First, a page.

- James Valhos is the founder of HereAfter.AI a company that helps preserve peoples loved ones via chatbots.
- HereAfter.AI is part of growing industry of digital end-of-life services, a sector that has grown by 194% over the last year.
- Not everybody is convinced digital-end-of-life services are good. Critics are questioning the ethics behind these companies.
In 2016, James Vlahos’s father was diagnosed with stage four lung cancer. The disease was terminal, with an optimistic prognosis of six months. The news sent Vlahos spiraling; so much still unsaid, so many plans cut short. Vlahos, a freelance tech journalist, set out to confront his grief by capturing the essence of his father. He conducted a series of interviews and then imported and coded those files into a conversational chatbot program. Voila! The Dadbot.
“How are you dealing with cancer?” he typed. “It still hasn’t almost registered. Let’s leave it at that,” the Dadbot texted back. The dry, wry tone felt familiar. Comforting. “It became an obsession,” Vlahos said. His father died in early 2017, and shortly after, Vlahos published his Dadbot adventures in Wired. The story went viral, and Vlahos was deluged with “heartbreaking” inquiries from people wanting a Dadbot of their own. “It (was) obvious there was a need for legacy avatars,” he said.
We all live with the inevitability of death, but it’s rarely discussed. The reluctance is understandable; losing a loved one is disorientating, crippling. Then came Covid-19, whose 4.8 million global death toll forced people to grapple with their own mortality, and that of their loved ones, decades earlier than expected. This global grief birthed a demand for tech startups that encompassed the myriad end-of-life services necessitated by lockdowns: Enter
funerals; livestreaming gravestones; digital undertakers that erase and clean up your online presence; companies are even providing post-death packages to deliver haunting messages from the departed or replicate them through AI. By some accounts, the market for technology that helps us cope with death has increased by 194% over the past year.
In 2019, Vlahos doubled down on the Dadbot and founded HereAfter AI, a subscription service that enabled users to develop bots of their own loved ones. His text-based system was scrapped in favor of voice bots. “[Audio has] a reality and a presence that text messages don’t have,” he said. “It has emotional power.” Vlahos also canned the generative conversational elements, explaining that people didn’t want a “deepfake of their relatives. ” HereAfter’s avatars would not be able to comment on life after death queries, but instead would respond to specific queries about their past, such as their wedding day or memorable vacations.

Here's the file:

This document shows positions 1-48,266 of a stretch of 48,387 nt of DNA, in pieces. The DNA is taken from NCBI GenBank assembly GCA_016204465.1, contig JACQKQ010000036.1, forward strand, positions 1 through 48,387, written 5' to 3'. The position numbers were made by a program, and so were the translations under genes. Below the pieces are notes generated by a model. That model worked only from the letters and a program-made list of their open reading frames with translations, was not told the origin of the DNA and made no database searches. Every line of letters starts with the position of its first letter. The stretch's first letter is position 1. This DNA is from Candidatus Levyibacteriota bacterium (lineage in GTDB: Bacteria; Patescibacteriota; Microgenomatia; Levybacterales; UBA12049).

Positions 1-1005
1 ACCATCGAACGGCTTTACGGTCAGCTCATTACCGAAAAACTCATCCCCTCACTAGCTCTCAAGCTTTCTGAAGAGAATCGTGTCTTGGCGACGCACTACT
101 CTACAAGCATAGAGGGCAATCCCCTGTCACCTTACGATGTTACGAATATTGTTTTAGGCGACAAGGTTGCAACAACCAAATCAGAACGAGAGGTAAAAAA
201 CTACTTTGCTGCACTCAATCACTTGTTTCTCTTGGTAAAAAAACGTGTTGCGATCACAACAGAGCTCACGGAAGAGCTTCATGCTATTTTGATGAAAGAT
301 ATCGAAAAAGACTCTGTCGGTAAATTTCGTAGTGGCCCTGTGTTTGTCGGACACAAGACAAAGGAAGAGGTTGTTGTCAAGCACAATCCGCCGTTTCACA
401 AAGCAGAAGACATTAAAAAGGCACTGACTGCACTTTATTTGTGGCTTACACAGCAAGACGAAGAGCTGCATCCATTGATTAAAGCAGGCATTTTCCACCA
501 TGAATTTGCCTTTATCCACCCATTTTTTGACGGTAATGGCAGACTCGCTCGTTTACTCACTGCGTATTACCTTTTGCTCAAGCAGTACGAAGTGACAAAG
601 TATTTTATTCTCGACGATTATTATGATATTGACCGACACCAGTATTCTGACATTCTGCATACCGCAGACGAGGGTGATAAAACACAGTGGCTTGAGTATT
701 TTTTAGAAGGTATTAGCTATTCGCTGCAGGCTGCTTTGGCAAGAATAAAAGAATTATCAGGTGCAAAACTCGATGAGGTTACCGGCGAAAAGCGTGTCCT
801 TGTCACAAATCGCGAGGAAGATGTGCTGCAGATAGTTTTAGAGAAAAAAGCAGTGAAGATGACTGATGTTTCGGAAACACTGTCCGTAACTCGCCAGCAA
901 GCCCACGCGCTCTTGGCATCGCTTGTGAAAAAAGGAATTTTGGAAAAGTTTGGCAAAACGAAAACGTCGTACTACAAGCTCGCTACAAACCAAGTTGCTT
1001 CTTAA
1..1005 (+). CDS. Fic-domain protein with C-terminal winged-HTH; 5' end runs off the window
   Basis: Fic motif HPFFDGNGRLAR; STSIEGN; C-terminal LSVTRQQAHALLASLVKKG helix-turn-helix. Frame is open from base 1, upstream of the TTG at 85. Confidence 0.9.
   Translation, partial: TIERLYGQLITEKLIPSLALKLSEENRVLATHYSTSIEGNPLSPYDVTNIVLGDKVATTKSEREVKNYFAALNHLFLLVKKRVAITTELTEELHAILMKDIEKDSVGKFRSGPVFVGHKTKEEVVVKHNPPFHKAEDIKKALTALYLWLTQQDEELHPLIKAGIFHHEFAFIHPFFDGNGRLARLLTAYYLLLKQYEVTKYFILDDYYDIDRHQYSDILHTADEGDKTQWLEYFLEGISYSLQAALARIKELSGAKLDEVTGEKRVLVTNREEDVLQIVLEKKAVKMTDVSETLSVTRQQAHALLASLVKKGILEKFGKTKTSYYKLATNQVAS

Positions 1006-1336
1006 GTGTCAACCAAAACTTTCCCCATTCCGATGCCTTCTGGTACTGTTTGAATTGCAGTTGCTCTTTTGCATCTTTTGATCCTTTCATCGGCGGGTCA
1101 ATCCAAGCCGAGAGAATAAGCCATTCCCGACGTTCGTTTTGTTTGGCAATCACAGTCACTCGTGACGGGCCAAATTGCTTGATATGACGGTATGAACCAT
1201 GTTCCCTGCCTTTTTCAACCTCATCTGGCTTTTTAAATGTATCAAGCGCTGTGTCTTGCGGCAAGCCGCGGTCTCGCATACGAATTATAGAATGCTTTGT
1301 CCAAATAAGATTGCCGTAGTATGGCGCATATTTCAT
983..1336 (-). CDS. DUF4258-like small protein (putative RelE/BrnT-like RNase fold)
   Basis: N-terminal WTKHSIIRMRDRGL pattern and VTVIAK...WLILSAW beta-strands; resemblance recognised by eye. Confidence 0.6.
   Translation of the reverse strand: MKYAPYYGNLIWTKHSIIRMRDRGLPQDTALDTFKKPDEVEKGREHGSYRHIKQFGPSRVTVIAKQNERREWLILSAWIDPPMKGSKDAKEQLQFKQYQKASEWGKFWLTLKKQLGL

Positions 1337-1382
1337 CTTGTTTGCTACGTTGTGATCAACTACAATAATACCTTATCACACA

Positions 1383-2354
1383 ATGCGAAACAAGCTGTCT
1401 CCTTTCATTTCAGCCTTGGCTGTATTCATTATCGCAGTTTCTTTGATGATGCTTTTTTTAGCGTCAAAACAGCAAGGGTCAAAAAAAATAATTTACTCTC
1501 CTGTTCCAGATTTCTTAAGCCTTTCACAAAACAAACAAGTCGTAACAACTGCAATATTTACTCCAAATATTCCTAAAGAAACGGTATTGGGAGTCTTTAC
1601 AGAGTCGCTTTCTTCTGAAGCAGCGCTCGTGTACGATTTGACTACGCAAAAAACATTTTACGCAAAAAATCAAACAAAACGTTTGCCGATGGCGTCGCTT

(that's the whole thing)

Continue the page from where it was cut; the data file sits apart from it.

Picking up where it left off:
Subscribers were paired with professional interviewers, who used prompts to evoke memories. “A funny thing happened to me in elementary school…” These interviews were fed into a natural language processing system, adept at interacting with user queries.
Author Andrew Kaplan, 78, was HereAfter’s inaugural user. “It has no awareness. It’s just me at a point in time telling stories,” he told NBC. “I figured, why the hell not?” Kaplan liked the idea of his descendants listening to his tales, which cover his time as a war correspondent and his adventures in Hollywood. “It’s a little spooky,” he admitted— it can be disquieting to hear his disembodied voice. His wife Anne has no intention of signing up. “It’s weird,” she said.
HereAfter’s timing was sadly fortuitous, given Covid-19. “We’re not taking it for granted that Mom is always there [anymore],” Vlahos said. He’s pleased they’ve attracted a diverse user base. “I wondered if it would be old rich guys but that’s not the case.”
Earlier this month, academics and entrepreneurs in the death tech industry gathered to explore these ethical issues at the 2021 Digital Legacy Conference. Panelists referenced
‘s Black Mirror and digital immortality services that purportedly transfer consciousness into robots that look and sound like somebody’s loved one. “There’s a technology that does this; it’s feasible,” said Carla Sofka, a professor of social work at Siena College who studies how technology addresses death, dying, and grief. She acknowledged many of these services veered into uncanny valley territory. “Do you have permission to keep somebody around after they die?” she said. “Who owns the rights to your afterlife?”
Sofka, who presented the death-netiquette panel emphasized that the convergence of tech and grief is not a new phenomenon— her research dates back to 1997. Nonetheless, there’s a dearth of data about whether any of these death-tech businesses make coping with grief easier. “That’s the million-dollar question,” said Sofka. “We don’t know.”